Ericson 36C advice

gstepler

Junior Member
Going to look at this 36C tomorrow and would appreciate any opinions or advice on particular areas of interest/concern. I anticipate that most of the advice will be "run away", but I've been interested in these for some time but never had a chance to see one in person. I'm also aware that this boat underwent a substantial refit from 2002 - 2006 (https://tatooshsailor.com/) and am hoping that most of the "wear and tear" from being a liveaboard since 2006 is cosmetic and could be corrected over time.

Thanks,
Greg

 

goldenstate

Member III
Blogs Author
Have you ever fixed up an aging sailboat before?
How much time do you have to devote to the project?
What are your intentions for the boat? Weekends during the summer? Year round cruising?
Curious for context.
Pictures suggest it was once a nice boat with a bounty of work to be done.
Based on the condition of the exterior, this looks like a single-digit thousands kind of boat IMHO.
39 feet LOA with bowsprit is not small for dock fees, overall work, etc..
 

Christian Williams

E381 - Los Angeles
Moderator
Blogs Author
What a mix of mess and maybe. The engine and alternator are an important upgrade, the propane box is a nightmare (to me), and the chain drop in the V-berth would not work for most owners. There seems no doubt that recent times have seen the boat neglected--looks like the cushions have been left in the weather for years.

The interior shows somebody paid attention to the nav station, but the head woodwork is wrecked. The "cosmetic" issues -- cushions, varnish, the usual portlight leaks--may be quite time consuming and expensive to fix. The sails are probably in need of replacement.

But you know, this is a special model. People who are drawn to it, well, work is good therapy.

The price should be low and the surveyor should not go pale as soon as he sets foot aboard.
 

gstepler

Junior Member
Valid questions, and apologies for the lack of ownership context in the first post.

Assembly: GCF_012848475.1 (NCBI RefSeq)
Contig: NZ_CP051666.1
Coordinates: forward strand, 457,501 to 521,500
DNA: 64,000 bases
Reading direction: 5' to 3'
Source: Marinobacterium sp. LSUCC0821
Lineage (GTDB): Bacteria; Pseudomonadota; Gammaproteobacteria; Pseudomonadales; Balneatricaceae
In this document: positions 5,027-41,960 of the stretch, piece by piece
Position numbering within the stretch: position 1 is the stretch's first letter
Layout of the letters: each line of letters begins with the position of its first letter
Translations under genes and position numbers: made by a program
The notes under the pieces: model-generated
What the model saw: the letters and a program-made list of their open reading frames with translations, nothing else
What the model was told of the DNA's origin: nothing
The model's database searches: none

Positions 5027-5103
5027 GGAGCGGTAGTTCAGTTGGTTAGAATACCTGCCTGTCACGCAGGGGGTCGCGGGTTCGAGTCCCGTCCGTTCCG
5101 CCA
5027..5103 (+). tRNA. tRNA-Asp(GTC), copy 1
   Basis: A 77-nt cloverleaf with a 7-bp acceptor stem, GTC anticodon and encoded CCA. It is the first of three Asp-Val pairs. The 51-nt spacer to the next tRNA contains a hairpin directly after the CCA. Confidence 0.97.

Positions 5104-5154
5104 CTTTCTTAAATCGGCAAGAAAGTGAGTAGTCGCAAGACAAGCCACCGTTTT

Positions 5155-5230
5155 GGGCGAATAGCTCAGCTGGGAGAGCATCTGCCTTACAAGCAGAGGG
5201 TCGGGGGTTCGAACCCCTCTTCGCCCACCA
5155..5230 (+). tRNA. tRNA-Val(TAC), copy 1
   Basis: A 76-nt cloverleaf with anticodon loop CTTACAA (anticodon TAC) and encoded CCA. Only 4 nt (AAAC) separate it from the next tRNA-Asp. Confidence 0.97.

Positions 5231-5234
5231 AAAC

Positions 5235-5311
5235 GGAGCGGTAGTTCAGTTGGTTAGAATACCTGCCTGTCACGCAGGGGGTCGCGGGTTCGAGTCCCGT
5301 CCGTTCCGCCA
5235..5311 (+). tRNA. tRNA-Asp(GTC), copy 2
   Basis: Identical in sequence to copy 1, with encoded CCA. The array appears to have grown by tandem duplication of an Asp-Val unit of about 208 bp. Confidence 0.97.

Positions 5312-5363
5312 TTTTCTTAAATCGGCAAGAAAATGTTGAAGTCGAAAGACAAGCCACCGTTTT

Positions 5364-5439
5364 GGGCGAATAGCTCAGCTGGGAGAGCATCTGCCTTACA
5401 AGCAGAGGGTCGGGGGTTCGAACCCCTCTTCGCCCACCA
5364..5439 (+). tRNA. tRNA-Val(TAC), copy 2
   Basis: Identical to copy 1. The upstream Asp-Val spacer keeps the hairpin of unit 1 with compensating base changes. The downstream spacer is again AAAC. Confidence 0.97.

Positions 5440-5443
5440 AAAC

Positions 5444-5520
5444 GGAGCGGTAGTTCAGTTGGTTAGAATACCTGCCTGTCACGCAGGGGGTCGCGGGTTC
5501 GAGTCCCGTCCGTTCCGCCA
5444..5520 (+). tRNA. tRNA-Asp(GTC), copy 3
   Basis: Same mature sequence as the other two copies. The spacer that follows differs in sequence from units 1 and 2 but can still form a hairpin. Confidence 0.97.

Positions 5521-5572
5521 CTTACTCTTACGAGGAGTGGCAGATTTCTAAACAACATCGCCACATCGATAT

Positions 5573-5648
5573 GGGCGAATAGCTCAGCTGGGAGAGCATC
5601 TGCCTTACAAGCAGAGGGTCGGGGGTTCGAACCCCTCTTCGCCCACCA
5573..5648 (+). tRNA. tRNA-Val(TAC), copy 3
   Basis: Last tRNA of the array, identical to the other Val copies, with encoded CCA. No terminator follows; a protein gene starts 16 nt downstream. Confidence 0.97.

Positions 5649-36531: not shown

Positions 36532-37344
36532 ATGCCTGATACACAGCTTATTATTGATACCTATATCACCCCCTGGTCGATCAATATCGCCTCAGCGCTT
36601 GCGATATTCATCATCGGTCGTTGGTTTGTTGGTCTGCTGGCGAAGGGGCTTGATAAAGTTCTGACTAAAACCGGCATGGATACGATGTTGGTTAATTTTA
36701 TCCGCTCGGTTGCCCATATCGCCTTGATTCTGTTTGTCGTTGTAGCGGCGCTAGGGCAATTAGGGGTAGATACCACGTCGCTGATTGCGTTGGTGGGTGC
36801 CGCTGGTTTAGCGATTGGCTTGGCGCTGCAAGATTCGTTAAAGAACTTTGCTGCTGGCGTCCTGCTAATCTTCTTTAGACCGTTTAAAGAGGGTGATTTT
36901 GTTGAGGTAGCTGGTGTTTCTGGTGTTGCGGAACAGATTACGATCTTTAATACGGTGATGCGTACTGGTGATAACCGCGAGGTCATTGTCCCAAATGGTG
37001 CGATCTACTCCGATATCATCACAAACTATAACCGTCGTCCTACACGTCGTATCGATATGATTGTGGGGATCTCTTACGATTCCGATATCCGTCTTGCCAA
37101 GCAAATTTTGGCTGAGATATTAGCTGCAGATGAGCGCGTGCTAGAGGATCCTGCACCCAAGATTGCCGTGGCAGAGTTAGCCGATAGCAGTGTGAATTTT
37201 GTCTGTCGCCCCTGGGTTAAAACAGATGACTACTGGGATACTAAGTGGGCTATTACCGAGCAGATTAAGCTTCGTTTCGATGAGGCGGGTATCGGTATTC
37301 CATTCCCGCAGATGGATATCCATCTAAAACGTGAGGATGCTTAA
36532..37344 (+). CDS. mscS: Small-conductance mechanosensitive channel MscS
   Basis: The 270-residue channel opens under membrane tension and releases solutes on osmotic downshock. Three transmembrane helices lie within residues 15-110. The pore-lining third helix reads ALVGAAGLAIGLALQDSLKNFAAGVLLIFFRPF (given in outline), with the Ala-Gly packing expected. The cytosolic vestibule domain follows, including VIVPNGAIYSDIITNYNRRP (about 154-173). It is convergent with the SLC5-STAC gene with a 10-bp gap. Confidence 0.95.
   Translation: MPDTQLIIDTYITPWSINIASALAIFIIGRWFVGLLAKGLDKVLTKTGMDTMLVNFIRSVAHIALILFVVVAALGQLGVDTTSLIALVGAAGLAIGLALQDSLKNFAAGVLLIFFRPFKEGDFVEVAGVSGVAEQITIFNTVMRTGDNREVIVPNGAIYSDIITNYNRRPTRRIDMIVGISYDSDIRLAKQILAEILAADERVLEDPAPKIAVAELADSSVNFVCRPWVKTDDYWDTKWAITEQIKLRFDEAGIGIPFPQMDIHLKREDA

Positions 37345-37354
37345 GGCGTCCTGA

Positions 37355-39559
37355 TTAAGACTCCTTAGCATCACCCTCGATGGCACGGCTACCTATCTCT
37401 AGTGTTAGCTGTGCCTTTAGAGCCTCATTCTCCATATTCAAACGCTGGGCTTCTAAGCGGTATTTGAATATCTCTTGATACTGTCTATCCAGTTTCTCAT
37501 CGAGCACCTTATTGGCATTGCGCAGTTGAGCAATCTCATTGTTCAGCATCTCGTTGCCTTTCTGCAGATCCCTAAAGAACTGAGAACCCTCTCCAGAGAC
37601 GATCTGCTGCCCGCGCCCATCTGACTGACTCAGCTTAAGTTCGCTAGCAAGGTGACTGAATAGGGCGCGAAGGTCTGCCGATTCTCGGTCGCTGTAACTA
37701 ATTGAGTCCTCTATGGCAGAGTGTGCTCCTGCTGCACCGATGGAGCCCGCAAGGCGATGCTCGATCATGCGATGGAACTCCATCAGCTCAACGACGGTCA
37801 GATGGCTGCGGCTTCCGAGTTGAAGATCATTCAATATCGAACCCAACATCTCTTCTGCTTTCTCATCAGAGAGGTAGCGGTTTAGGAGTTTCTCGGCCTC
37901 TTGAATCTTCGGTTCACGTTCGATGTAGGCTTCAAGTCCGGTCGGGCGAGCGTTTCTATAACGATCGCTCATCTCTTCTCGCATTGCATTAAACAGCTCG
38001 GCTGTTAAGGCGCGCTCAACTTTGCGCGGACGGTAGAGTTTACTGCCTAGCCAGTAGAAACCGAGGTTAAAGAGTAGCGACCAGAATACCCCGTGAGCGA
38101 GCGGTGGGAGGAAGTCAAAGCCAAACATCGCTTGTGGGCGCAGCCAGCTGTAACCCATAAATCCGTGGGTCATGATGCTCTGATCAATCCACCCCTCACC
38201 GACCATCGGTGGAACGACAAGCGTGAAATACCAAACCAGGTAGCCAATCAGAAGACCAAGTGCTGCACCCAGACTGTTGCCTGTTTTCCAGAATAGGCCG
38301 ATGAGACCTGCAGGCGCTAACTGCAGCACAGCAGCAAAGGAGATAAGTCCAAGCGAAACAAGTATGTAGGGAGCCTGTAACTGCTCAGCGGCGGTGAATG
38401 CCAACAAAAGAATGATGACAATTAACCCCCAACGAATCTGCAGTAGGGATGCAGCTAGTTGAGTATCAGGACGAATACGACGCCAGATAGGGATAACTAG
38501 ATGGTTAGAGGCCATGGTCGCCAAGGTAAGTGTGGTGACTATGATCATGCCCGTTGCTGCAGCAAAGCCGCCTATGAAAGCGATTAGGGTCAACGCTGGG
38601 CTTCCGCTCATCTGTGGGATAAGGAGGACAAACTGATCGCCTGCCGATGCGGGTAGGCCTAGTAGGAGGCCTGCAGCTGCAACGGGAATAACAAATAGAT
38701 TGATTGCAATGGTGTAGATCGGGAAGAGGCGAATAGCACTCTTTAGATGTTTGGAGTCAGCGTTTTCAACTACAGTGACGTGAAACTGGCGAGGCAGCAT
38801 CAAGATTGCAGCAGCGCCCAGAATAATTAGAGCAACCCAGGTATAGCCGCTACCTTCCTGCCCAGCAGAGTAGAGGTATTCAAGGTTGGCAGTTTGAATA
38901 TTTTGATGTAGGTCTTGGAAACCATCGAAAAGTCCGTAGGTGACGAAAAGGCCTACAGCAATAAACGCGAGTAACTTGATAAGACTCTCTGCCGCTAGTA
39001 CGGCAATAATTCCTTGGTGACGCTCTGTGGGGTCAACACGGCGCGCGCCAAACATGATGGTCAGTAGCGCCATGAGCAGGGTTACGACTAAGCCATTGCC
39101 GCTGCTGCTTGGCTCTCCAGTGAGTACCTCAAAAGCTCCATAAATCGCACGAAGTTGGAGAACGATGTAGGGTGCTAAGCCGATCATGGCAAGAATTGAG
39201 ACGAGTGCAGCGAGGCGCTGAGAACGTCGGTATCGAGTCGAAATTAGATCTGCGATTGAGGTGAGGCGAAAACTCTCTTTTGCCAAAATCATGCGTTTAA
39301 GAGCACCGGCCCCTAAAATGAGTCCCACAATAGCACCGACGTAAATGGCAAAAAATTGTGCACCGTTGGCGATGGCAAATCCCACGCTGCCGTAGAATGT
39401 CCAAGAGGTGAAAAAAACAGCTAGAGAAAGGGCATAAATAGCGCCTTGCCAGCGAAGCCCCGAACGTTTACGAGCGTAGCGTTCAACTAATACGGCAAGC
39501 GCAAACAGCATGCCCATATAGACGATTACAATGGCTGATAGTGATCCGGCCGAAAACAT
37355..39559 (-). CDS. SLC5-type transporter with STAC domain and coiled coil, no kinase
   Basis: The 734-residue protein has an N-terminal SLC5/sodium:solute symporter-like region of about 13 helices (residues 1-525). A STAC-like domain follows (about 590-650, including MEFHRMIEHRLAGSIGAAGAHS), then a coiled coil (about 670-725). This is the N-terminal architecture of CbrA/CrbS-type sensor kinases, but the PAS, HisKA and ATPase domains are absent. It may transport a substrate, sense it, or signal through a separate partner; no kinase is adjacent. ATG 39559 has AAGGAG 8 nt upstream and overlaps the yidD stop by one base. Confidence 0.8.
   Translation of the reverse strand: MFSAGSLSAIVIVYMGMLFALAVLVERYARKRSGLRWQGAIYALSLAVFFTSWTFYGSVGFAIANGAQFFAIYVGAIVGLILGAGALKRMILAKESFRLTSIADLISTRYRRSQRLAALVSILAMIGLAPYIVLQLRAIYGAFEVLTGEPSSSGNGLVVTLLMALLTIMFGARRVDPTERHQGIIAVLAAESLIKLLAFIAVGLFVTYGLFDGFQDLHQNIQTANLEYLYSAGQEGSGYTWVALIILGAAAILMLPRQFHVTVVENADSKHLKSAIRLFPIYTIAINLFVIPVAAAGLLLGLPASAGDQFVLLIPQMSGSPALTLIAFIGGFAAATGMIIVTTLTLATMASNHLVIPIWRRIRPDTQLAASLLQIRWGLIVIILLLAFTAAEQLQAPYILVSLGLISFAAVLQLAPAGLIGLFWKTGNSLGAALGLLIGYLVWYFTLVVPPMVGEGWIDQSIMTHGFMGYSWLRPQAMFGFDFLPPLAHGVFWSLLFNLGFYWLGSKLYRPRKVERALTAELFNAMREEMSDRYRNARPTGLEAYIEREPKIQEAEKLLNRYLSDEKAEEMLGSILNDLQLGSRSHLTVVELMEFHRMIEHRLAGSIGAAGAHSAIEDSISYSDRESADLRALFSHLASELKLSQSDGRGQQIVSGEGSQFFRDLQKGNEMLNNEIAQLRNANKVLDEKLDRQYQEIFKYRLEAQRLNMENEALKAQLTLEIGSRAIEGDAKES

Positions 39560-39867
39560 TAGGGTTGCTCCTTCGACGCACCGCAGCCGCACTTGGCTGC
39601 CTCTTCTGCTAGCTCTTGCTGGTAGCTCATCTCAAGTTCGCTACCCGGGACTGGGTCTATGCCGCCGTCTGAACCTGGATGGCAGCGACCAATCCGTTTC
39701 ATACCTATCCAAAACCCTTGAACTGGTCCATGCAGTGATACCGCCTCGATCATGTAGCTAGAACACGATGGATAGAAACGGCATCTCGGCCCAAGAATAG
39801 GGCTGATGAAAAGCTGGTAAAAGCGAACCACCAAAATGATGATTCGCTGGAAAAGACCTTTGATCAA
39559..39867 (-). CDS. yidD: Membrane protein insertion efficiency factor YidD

Just recently sold my '78 E25 #377 and trailer to a fellow forum member. Perhaps not to the extent of some members, but between old boat and old house renovations and restorations I consider myself more than capable. As for time, I'm willing to put in time, over time, so long as I can sail. I don't mind restoring/improving cosmetic issues, but no appetitie for an on-the-hard refit (much less boatyard costs around Boston).

Boat would swing on a mooring during the season, so LOA isn't so much of a concern. Anticipated use would be weekends and regional cruising, for the time being.
 

Christian Williams

E381 - Los Angeles
Moderator
Blogs Author
This boat, and anything like it in the price range, will require a refit. You'll have to do most of it yourself, and most of it can;t be done on a mooring.
 

Afrakes

Sustaining Member
It all comes down to what you can live with. I second Christian's concern about trying to work on it at a mooring. Just how big of a bite do you want to take? I spent 8 years on and off restoring a 25 ft. wooden boat. It was a great and expensive adventure, I don't regret (too much).
 

nquigley

Member III
Old teak decks ... from what I've read/seen, they are a horror to remove and then to resurface the remaining decks. Is there evidence of water leaks below? I'm guessing, 'Yes - a lot of evidence'
 

goldenstate

Member III
Blogs Author
Greg - if you have already owned a 70's Ericson, you know better than I do what this will take to make this boat meet your standards.